- 7th May 1967 – In Tel Aviv, Prime Minister Levi Eshkol’s Ministerial Committee on Security conditionally approved commencing a war with an attack on Syria.
- 8th May 1967 – In a 7-2 decision in the case of Redrup v. New York, the United States Supreme Court reversed convictions, for sale and distribution of obscene books and magazines, for defendants from New York, Kentucky, and Arkansas, concluding that under the First Amendment, the state “may not constitutionally inhibit distribution of literary material as obscene” unless three conditions were met: (1) the dominant theme must appeal to “a prurient interest in sex”; (2) the material must be “patently offensive”; and (3) the material must be “utterly without redeeming social value.”
- 10th May 1967 – By a vote of 488 to 62, with 51 abstentions, the UK House of Commons approved the government’s decision to apply for membership in the European Economic Community.
- 10th May 1967 – Hundreds of students at the historically black Jackson State College rioted after local police drove on to campus to arrest a student for speeding. The police barricaded Lynch Street in Jackson and the next day, members of the state national guard fired on the crowd, killing a bystander, Ben Brown.
- 11th May 1967 – President Nikolai Podgorny of the Soviet Union met in Moscow with a visiting group of Egyptian officials and provided them a false intelligence report that Israel was mobilizing troops “on its the border with Syria and planning to attack between 18 and 22 May 1967”. “Although the report was false and Egypt’s President Nasser knew it,” an observer would later write, Nasser mobilized troops along the Egyptian border with Israel three days later.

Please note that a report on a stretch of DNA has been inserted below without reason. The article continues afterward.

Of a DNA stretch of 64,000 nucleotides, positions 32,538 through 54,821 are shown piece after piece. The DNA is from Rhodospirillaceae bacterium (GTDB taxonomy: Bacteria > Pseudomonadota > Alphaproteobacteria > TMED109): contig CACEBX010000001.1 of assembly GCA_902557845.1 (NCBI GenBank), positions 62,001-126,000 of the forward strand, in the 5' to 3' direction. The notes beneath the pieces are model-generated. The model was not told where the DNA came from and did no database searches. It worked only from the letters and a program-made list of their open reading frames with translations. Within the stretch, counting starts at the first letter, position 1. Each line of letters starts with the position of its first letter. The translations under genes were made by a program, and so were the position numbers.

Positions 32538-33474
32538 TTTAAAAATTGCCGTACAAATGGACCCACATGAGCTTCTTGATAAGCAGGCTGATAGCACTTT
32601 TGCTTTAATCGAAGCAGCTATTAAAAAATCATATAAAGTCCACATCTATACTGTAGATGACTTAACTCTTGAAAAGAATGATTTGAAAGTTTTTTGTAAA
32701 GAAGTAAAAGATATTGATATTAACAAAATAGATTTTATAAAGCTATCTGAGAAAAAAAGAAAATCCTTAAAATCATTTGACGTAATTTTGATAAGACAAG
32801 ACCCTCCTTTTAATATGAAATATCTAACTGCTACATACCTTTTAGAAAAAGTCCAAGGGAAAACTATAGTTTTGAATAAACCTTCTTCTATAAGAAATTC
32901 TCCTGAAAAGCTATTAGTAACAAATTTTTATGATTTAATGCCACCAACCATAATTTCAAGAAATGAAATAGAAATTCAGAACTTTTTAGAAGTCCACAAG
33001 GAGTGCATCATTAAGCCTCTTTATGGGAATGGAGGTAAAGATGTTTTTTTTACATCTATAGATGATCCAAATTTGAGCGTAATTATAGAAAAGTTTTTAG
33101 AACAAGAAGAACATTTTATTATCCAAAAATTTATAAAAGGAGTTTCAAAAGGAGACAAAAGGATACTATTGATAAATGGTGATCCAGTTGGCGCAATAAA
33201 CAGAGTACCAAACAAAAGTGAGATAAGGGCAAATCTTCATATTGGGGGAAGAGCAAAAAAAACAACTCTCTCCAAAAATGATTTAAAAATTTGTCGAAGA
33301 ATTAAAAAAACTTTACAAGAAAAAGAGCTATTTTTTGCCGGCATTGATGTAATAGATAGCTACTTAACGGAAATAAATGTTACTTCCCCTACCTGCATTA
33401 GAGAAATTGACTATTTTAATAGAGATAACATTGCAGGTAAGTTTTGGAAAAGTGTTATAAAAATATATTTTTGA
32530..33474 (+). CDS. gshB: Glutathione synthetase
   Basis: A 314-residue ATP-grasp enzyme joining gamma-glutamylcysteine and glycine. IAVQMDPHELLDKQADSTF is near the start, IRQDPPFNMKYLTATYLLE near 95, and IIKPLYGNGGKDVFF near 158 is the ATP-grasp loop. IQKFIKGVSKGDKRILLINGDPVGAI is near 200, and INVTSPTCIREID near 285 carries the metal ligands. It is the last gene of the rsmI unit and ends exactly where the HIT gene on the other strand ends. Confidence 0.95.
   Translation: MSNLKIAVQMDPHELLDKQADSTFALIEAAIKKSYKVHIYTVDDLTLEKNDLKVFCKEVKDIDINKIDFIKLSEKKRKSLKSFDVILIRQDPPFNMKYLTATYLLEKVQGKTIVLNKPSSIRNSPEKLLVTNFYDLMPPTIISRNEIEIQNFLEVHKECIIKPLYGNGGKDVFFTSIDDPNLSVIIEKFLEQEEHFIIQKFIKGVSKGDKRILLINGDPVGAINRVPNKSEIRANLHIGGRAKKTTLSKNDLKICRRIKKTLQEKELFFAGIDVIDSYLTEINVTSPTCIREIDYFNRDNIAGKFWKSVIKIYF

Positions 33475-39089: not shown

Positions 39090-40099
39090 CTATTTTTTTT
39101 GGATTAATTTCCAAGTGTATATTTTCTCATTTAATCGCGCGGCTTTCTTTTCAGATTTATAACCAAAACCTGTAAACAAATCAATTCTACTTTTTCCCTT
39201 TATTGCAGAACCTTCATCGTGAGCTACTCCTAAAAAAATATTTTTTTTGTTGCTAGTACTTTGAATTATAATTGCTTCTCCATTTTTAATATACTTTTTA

- 12th May 1967 – The Jimi Hendrix Experience debuted with the release of its first album, Are You Experienced.
- 13th May 1967 – Three million faithful in Portugal turned out to pray with Pope Paul VI during his visit to Fátima, on the 50th anniversary of the first reported appearance of the Virgin Mary there. In becoming the first Pope to visit Fátima (and the first to visit Portugal), Paul VI, in the opinion of one historian, brought new legitimacy to the dictatorship of António de Oliveira Salazar.
- 13th May 1967 – In what was described as “a rebuttal to anti-war demonstrations”, a crowd of at least 70,000 demonstrators marched down New York City’s Fifth Avenue in support of American troops in fighting in the Vietnam War.
But here’s what’s going on in Oxshott:-
Sunday 7th May 1967
Children had a lie in this morning as they have both been coughing well. Cyril has done a lot of ‘pricking out’ – we have a good show of bedding plants now. Drove out to Chessington and bought some petrol!!!
Monday 8th May 1967